Crop Production for Agricultural Improvement

pp 557-579


An Overview of Plant Growth Promoting Rhizobacteria (PGPR) for Sustainable Agriculture

  • Rifat HayatAffiliated withDepartment of Soil Science and SWC, PMAS Arid Agriculture University Email author 
  • , Iftikhar AhmedAffiliated withPlant Biotechnology Program, National Agricultural Research Centre
  • , Rizwan Ali SheirdilAffiliated withDepartment of Soil Science and SWC, PMAS Arid Agriculture University

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Soil bacteria beneficial to plant growth usually referred to as plant growth promoting rhizobacteria (PGPR), are capable of promoting plant growth by colonizing the plant root. The mechanisms of PGPR-mediated enhancement of crop growth includes (i) a symbiotic and associative nitrogen fixation; (ii) solubilization and mineralization of other nutrients; (iii) production of hormones e.g. auxin i.e. indole acetic acid (IAA), abscisic acid (ABA), gibberellic acid and cytokinins; (iv) production of ACC-deaminase to reduce the level of ethylene in crop roots thus enhancing root length and density; (v) ability to produce antagonistic siderophores, ß-1-3-glucanase, chitinases, antibiotics, fluorescent pigment and cyanide against pathogens and (vi) enhanced resistance to drought and oxidative stresses by producing water soluble vitamins niacin, thiamine, riboflavin, biotin and pantothenic acid. Increased crop production through biocontrol is an indirect mechanism of PGPR that results in suppression of soil born deleterious microorganisms. Biocontrol mechanisms involved in pathogen suppression by PGPR include substrate competition, antibiotic production, and induced systemic resistance in the host. PGPR can play an essential role in helping plants to establish and grow in nutrient deficient conditions. Their use in agriculture can favour a reduction in agro-chemical use and support ecofriendly crop production. Trials with rhizosphere-associated plant growth-promoting P-solubilizing and N2-fixing microorganisms indicated yield increase in rice, wheat, sugar cane, maize, sugar beet, legumes, canola, vegetables and conifer species. A range of beneficial bacteria including strains of Herbaspirillum, Azospirillum and Burkholderia are closely associated with rhizosphere of rice crops. Common bacteria found in the maize rhizosphere are Azospirillum sp., Klebsiella sp., Enterobacter sp., Rahnella aquatilis, Herbaspirillum seropedicae, Paenibacillus azotofixans, and Bacillus circulans. Similarly, strains of Azotobacter, Azorhizobium, Azospirillum, Herbaspirillum, Bacillus and Klebsiella can supplement the use of urea-N in wheat production either by BNF or growth promotion. The commonly present PGPR in sugarcane plants are Azospirillum brasilense, Azospirillum lipoferum, Azospirillum amazonense, Acetobacter diazotrophicus, Bacillus tropicalis, Bacillus borstelensis, Herbaspirillum rubrisubalbicans and Herbaspirillum seropedicae. Symbiotic N2-fixing bacteria collectively known as Rhizobia are currently classified into six genera; Rhizobium, Allorhizobium, Azorhizobium, Bradyrhizobium, Mesorhizobium and Sinorhizobium and 91 species. Their inoculation may increase nodulation and N2-fixation in legumes. All these Rhizobiumn spp. can minimize chemical N fertilizers by BNF, but only if conditions for expression of N2-fixing activity and subsequent transfer of N to plants are favourable. In this Chapter, PGPR role has been discussed in the process of crop growth promotion, their mechanisms of action and their importance in crop production on sustainable basis.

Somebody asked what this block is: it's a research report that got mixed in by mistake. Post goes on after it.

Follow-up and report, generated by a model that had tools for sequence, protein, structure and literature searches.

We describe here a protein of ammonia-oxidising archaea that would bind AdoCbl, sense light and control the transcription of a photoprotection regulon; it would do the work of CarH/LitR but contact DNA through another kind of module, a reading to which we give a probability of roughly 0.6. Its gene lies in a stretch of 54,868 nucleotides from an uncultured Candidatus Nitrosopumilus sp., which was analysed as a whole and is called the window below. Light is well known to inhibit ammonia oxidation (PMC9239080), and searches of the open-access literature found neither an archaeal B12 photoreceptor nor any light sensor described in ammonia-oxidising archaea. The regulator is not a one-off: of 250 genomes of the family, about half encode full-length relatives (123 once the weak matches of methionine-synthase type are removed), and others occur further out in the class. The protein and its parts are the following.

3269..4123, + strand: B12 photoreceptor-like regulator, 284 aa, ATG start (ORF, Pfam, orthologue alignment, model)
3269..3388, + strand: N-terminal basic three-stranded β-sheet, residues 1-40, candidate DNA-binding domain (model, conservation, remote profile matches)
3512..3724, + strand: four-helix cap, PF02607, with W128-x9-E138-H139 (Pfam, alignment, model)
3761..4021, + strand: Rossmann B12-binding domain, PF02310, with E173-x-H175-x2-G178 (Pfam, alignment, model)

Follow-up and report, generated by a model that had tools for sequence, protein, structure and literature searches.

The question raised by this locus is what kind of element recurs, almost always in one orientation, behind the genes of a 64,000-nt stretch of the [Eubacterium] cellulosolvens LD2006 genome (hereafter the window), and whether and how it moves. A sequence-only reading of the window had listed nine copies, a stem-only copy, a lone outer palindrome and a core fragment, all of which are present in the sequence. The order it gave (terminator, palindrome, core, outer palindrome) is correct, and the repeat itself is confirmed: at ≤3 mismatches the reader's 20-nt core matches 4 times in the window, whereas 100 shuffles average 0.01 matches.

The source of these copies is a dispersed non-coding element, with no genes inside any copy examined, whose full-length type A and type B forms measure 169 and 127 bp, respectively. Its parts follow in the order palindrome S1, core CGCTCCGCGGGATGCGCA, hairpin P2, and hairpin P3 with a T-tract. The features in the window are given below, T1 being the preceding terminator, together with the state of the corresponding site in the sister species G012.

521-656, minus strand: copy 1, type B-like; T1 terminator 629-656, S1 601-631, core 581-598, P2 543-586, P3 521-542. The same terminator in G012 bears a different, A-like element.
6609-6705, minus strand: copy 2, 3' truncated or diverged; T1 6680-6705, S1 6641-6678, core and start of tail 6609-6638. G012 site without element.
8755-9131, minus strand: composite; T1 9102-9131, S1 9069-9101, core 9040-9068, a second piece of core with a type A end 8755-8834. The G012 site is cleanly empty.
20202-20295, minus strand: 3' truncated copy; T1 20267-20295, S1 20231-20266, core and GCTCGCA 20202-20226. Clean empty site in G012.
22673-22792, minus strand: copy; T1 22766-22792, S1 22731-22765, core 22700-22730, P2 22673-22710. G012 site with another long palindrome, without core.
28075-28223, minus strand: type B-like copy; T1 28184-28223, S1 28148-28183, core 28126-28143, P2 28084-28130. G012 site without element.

PGPR BNF P-solubilization Phytohormones Biocontrol Cereals Sugarcane and legumes crops